The Q&A Archives: Not One Tomato

Question: Dear Charlie,
Last summer I planted one tomato plant, Big Boy, along the south side of the house, so deer wouldn't eat it. It grew tall and bloomed, but did not bear one tomato. What did I do wrong? Should I have planted more than one plant? What does determinate vs indeterminate mean? Any suggestions to deter deer from eating the plant?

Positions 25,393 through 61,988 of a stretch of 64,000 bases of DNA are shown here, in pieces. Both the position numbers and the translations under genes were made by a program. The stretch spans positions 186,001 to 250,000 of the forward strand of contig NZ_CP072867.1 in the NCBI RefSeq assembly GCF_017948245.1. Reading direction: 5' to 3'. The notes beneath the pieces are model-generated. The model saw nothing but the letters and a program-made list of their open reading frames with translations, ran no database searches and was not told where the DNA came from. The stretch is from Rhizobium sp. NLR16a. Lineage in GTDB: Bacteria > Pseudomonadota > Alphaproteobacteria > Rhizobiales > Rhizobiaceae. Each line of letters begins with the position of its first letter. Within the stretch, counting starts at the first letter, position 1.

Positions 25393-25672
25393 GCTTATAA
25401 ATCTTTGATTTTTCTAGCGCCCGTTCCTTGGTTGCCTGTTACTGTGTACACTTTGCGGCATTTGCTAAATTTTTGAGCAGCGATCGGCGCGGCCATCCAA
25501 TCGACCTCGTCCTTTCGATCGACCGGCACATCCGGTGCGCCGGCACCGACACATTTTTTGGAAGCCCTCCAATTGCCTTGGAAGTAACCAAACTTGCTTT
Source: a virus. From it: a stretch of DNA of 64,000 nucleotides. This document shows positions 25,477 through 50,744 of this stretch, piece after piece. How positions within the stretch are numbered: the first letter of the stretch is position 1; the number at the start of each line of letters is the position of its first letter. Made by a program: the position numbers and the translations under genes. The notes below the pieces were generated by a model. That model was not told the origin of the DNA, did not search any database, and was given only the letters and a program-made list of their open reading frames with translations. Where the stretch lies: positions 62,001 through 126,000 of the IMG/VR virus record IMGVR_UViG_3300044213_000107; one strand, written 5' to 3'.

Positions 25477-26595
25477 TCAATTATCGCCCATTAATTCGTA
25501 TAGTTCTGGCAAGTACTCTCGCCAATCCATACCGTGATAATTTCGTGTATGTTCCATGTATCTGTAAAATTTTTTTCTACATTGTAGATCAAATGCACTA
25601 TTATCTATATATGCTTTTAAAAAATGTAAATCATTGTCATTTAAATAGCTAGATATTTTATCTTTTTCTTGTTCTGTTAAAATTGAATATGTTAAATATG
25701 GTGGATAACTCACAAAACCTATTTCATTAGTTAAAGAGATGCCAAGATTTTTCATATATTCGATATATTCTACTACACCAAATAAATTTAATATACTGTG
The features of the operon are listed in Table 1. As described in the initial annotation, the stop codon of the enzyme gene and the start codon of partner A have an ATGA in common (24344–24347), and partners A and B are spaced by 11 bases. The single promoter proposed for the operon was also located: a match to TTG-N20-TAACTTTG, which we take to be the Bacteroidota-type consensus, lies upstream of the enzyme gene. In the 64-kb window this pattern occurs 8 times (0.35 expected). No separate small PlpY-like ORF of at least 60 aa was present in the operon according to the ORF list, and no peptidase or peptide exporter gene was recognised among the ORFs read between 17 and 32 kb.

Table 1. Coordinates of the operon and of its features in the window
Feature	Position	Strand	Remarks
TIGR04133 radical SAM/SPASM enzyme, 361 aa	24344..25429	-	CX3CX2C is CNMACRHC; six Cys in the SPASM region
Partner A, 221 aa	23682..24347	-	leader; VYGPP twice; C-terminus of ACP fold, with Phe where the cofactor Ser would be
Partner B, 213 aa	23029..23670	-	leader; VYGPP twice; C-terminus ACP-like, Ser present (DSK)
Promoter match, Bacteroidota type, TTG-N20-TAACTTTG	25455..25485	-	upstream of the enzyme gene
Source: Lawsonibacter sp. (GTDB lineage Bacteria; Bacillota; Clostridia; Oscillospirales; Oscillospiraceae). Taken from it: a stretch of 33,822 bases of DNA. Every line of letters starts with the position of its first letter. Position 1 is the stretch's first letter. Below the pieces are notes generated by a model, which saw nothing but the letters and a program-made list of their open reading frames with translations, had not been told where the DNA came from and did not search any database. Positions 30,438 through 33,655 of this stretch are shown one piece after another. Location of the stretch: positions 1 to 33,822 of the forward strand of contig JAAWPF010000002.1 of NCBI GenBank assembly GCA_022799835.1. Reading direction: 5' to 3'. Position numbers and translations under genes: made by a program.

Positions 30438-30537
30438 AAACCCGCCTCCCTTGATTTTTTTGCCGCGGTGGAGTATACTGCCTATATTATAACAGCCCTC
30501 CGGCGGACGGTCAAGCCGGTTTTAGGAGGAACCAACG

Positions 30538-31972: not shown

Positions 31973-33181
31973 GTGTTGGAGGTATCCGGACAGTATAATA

Answer: You do not need two tomato plants to get tomatoes. Since the plant bloomed but did not bear tomatoes I would suspect a pollination problem, possibly due to lack of insects. You might try using a paint brush to pollinate if you think that was the problem. It is also possible that the unusual weather we had caused the blossoms to drop. You could try one of the commercial blossom set products if you think that might have been the problem. Also be sure the plant is growing in rich soil that is kept evenly moist but not soggy to try to reduce sources of possible stress. As far as deer go, some gardeners report success using the repellent sprays, but in my experience a fence is the most reliable protection. Finally, a determinate plant will set just so many blossoms, usually pretty much at the same time, and then stop producing. This is good if you plan to can or otherwise preserve them because the tomatoes are ready close together. Indeterminate plants will keep blooming and producing all season until either frosted or exhausted, whichever comes first.

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